Investing using options is very different from constructing a classic long-term buy-and-hold portfolio.
In this segment from Motley Fool Live that first aired June 7, Motley Fool Canada analyst Jim Gillies and Fool.com editor/analyst Ellen Bowman discuss the easiest way for beginning options investors to understand their valuation.
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Ellen Bowman: Jenny asks, can you suggest some good options evaluation tools and calculators, sectors that are particularly good or bad? Before I let you talk, I'm going to say for anybody listening who's new to options, go to the Chicago Board of Exchange, CBOE, they have an options simulation tool where everything's real but the money. You can run the strategies and the simulations, and you can see what would happen to you without risking a dollar. So anybody looking for places to start poking around with options, I use that process and it was certainly edifying for me. So hopefully, it will be for you too. What else would you suggest, Jim?
Jim Gillies: I'm going to say something sacrilegious I think.
Bowman: Go. They'll bleep you. They'll bleep you if it's too bad.
Gillies: Probably. First of, option valuations don't matter.
Bowman: The valuation of the options itself.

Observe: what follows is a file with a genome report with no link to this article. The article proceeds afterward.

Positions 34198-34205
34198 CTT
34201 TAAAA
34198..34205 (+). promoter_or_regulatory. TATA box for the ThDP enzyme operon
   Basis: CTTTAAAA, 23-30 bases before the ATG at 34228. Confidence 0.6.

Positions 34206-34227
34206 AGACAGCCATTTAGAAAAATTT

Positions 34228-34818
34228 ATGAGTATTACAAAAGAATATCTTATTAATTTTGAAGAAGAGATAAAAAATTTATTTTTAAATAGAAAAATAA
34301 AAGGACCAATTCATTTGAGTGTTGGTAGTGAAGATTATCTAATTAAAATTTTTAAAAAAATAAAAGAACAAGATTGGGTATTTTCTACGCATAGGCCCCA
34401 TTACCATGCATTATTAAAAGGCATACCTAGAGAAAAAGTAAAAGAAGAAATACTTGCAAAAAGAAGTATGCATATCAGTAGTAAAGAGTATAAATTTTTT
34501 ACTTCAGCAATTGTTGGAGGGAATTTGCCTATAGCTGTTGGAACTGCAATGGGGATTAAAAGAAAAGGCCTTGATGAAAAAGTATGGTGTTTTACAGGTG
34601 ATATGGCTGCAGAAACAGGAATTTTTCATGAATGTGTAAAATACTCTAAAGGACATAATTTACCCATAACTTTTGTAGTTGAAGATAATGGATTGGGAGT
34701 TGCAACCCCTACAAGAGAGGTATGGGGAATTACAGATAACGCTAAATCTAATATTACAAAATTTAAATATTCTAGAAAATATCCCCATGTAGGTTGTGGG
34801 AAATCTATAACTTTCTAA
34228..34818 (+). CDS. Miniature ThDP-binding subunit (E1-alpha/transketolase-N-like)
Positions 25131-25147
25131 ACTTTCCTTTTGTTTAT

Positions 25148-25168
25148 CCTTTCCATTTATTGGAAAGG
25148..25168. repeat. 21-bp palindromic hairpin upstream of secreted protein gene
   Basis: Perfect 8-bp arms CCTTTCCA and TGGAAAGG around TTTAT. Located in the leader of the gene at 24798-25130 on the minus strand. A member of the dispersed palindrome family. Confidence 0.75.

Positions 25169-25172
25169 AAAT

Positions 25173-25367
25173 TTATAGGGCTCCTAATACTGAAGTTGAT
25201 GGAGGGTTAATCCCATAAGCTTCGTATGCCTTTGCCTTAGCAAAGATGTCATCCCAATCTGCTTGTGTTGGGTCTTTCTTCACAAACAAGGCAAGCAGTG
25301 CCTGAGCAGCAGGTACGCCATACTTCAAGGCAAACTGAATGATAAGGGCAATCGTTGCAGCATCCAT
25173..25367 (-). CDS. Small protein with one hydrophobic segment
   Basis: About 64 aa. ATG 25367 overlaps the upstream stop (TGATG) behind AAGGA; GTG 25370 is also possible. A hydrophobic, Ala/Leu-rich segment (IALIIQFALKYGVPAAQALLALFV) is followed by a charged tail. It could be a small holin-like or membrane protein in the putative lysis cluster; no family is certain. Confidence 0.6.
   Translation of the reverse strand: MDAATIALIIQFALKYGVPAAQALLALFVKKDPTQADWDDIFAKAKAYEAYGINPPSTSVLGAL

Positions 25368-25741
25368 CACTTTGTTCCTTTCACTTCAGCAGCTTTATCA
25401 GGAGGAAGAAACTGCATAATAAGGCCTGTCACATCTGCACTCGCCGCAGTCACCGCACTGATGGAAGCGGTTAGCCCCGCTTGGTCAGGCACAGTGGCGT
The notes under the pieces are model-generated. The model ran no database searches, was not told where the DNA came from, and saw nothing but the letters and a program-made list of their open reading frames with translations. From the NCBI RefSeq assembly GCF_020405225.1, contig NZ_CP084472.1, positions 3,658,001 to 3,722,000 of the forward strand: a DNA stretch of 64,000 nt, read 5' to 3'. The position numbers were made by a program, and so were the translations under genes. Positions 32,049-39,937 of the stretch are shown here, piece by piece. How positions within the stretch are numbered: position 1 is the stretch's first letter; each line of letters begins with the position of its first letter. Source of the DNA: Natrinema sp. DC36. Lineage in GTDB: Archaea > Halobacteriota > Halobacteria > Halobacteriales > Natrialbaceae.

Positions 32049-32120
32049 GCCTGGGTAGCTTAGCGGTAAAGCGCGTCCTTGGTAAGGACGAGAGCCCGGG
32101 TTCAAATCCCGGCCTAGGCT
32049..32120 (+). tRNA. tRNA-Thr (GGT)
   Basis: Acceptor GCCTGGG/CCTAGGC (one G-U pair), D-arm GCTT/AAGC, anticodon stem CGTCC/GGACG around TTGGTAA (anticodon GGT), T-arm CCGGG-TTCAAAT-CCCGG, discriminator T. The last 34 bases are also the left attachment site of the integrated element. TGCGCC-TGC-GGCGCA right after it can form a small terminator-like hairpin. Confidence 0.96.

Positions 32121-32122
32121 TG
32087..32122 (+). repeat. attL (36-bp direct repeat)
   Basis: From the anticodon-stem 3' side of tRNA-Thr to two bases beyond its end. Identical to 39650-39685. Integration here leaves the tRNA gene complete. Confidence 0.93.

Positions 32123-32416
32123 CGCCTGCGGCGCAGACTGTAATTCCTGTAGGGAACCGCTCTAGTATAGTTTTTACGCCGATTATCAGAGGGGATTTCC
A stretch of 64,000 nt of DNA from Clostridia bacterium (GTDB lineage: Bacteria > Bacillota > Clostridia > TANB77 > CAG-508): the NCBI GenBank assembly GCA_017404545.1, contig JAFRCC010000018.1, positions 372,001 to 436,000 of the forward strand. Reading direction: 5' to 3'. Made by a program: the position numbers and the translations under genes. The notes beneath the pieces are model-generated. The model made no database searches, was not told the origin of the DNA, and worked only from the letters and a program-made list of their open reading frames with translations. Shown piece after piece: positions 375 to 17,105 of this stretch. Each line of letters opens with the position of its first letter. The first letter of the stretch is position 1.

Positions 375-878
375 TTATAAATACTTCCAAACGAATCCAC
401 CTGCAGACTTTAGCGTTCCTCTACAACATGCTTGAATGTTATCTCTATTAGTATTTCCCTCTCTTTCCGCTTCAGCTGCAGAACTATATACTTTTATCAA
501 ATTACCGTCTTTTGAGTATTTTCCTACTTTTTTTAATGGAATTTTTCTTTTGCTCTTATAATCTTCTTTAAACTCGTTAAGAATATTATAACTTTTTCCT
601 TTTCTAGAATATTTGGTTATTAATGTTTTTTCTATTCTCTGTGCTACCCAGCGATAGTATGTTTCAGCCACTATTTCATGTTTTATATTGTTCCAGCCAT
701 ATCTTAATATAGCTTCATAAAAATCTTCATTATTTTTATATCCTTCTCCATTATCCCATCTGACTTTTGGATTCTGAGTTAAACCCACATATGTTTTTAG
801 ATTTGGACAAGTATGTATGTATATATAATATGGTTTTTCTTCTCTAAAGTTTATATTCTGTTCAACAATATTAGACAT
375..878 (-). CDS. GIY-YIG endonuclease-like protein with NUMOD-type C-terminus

Gillies: Does not matter. If you start with the first principle, which is valuation first, that's referring to valuation of the company and then options, second. I know all I need to know about an option strategy if I've done the valuation work. Option prices are very mechanically set. You've probably heard of the Black-Scholes option pricing model. There is a less well-known binomial style model. But these things all have inputs that are all readily obtainable and observable. There's 5, 6 depending on your point of view. Inputs, stock price, which we know, strike price, which we know; time to expiration, which we know; risk-free rate, which we can get from interest rates, which is available [inaudible] quotes which so in other words, we know if a accompany pays a dividend, that's the one that's wonky. That inputs, the stock price a little bit, but you bring that to our fifth one in. Of the six inputs, I've just given you five, and those are all easily obtainable, directly observable. The sixth one is called implied volatility, and that's the volatility that the option price is baking in. Volatility is ups and downs between now and expiration. The implied volatility is what the option price, which you can also go look up and then stick into an excel model and back out for the implied volatility number or Cboe. We usually talk about it. Any of your brokers will tell you the implied volatility for options you're using. But all you need to know there is high number, it's measured in percentage points. A high number is fairly expensive. A low number is cheap. But of course, if you're playing with options on a pretty stayed blue chip, you should expect volatility below, and if you're playing with things that are going crazy, you should probably expect it to be high. Honestly, all you need to know is how to run the mechanics of options and again, Mueller can help you with that in the service. Understand the intrinsic value of an option, the time value of an option. What happens when the stock price goes up or down relative to the options. Very piecemeal. You don't really need those fancy calculators. Honestly, probably all you need is Microsoft Excel and an understanding, that getting the understanding of how these things work is more important than finding tools online, in my opinion.
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